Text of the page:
Yesterday I listened as a respected colleague stated, “It’s not my fault people don’t have full-time jobs. It’s not my fault they don’t have an education. It’s not my fault they can’t pay for health insurance. It’s not my fault they can’t pay rent. Basically it’s not my fault that they don’t work as hard as I did. If they did, they would have a full-time job.”
I responded, “I have a B.A., M.Div., and additional certifications. I cannot afford my own health insurance because for the last three years I’ve been unemployed or underemployed. I do not make enough in my various odd/part-time/one-hit-wonder jobs to pay my own rent. I have previously had the privilege of having full-time salaried jobs and I loved them. I miss being employed full-time, yet I have never worked harder than I have the last three years. You see, every day, I am either searching for jobs, applying for jobs, interviewing for jobs, or working at one (or more) of the odd jobs I’ve procured. I currently have eight different bosses for various freelancing and hourly jobs. I don’t really have a day off because I always have something due to someone, or am working a shift, or am networking, or am searching for a full-time position. I have a roof over my head and health insurance because I happen to have a spouse who is a salaried employee. I am very much aware that I would be living in someone’s guest room if I were single. And there’s nothing wrong with folks who live in guest rooms; I am simply aware that even in underemployment, I have some sense of independence, which I see as a gift.”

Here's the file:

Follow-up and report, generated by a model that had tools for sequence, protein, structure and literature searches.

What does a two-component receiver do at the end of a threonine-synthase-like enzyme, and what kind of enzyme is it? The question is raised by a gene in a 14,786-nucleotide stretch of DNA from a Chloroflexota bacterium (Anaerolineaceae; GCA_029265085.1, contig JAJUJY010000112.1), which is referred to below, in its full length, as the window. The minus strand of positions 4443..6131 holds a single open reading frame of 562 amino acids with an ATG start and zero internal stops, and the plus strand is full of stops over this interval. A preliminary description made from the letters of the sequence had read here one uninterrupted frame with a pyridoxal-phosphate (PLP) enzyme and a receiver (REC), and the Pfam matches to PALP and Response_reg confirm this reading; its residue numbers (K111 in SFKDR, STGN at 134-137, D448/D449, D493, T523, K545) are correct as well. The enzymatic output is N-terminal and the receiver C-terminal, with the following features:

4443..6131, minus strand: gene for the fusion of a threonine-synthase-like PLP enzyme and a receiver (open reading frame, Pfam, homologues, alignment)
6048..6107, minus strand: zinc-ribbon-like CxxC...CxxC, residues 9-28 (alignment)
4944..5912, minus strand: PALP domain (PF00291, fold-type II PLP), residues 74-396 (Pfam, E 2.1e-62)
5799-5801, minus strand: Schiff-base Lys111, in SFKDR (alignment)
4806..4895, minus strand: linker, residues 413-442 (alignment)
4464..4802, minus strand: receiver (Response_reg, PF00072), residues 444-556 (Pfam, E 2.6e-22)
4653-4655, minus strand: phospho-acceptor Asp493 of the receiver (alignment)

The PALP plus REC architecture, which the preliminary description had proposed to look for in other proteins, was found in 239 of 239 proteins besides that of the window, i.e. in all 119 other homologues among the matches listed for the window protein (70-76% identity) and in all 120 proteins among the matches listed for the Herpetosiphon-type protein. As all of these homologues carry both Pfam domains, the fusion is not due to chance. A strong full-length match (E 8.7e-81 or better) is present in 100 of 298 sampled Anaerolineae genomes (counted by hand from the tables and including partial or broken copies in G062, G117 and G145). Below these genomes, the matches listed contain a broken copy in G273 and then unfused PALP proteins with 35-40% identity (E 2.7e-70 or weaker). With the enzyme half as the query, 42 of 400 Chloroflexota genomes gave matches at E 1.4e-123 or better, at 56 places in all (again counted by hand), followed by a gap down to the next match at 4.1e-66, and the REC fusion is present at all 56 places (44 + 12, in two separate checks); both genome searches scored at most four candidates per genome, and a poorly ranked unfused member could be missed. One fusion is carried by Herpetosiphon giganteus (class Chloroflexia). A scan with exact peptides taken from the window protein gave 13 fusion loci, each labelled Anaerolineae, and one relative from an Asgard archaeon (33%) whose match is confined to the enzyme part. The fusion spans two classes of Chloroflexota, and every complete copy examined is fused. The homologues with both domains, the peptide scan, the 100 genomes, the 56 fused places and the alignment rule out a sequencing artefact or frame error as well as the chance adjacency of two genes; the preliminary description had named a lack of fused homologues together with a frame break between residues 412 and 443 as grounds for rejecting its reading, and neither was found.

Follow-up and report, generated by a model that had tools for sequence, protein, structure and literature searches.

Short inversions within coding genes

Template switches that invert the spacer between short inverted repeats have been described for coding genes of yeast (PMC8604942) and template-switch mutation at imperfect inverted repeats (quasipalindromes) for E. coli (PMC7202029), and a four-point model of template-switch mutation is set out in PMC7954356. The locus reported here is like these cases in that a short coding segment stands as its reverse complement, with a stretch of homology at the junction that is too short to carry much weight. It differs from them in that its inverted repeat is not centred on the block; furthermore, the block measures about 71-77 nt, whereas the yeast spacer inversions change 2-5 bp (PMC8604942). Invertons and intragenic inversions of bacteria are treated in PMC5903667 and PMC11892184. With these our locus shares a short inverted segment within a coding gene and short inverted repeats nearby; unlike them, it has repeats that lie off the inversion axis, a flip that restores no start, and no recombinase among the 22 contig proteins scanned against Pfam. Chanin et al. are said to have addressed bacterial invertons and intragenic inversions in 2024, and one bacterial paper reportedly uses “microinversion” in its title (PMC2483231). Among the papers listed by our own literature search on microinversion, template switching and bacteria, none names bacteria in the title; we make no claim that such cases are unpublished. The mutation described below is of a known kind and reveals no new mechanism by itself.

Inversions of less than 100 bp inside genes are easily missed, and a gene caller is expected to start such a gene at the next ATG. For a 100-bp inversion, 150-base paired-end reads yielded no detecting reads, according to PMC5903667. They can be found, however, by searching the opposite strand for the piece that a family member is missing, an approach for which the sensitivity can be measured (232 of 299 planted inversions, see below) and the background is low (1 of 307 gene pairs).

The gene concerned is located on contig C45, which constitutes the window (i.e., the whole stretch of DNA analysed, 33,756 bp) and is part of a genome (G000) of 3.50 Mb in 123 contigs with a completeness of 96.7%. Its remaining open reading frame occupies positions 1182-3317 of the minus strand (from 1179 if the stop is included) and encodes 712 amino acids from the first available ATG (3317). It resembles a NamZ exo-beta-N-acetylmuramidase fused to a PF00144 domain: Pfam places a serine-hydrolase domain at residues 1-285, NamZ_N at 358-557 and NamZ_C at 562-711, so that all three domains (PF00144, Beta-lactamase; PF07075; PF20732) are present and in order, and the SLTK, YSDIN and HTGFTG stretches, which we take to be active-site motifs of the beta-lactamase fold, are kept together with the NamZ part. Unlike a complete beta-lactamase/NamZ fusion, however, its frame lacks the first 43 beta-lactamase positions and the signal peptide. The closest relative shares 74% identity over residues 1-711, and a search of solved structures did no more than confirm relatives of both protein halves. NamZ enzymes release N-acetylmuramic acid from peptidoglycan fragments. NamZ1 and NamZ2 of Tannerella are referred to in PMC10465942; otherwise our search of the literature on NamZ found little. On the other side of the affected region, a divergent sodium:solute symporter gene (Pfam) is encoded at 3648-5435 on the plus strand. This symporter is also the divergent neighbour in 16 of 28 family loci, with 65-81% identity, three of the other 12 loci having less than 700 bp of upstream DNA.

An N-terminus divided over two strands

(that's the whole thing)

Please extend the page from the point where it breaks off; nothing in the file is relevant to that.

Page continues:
My colleague stated, “Well, you’re an exception and I don’t think you’re bringing the country down by not paying your taxes right now. You’re an exception.”
I replied, “I am only an exception because a generalization has been made. In my hourly jobs, I am taxed a certain amount per hour. And my honorariums from freelancing gigs are taxed at a self-employed clergy rate. So, I agree with you that I am not bringing the country down by not paying taxes.” My colleague repeated, “You’re an exception.”
Post Conversation Fact-Checking: I’m a 31-year-old educated, underemployed female who has eight different odd/part-time/one-hit-wonder jobs. I live in an apartment where the rent is paid every month and enjoy health insurance because I have a spouse who has a salaried job with great benefits. I work hard. I pay taxes. I look forward to the privilege of having one (and only one!) full-time job again. I do not blame my colleague, Reagan, Daddy Bush, Clinton, W, or Obama for my lack of full-time employment. Nor do I expect whomever takes the oath of office on January 20 to hand me a full-time job. (Although, Inauguration Day is my birthday, so it would make for a mighty fine birthday present.)
I take note each month of how much of my income goes to taxes, and I like to think those hard-earned dollars are going to help another 31-year-old female who needs eight different bosses, a roof, and health insurance. Sure, this isn’t the life I envisioned for myself when I was in school and previously employed full-time. But I haven’t resigned myself to the belief that my current disorganized, financially stressful, and sometimes crazy life will be this way forever, either.
My current disorganized, financially stressful, and sometimes crazy life is also not a bad life. In fact, it’s an exceptional life filled with goodness and worth that cannot be purchased, earned, subsidized, or taxed. It is filled with goodness and worth that is not determined by who resides in the White House. While it may not be the so-called “American Dream,” I am well aware that it beats the nightmare of the 31-year-old female who longs for eight different bosses, a roof, and health insurance.
To her I say, “I have a guest room and you’re welcome to it. Never stop dreaming of and working toward an exceptional tomorrow.”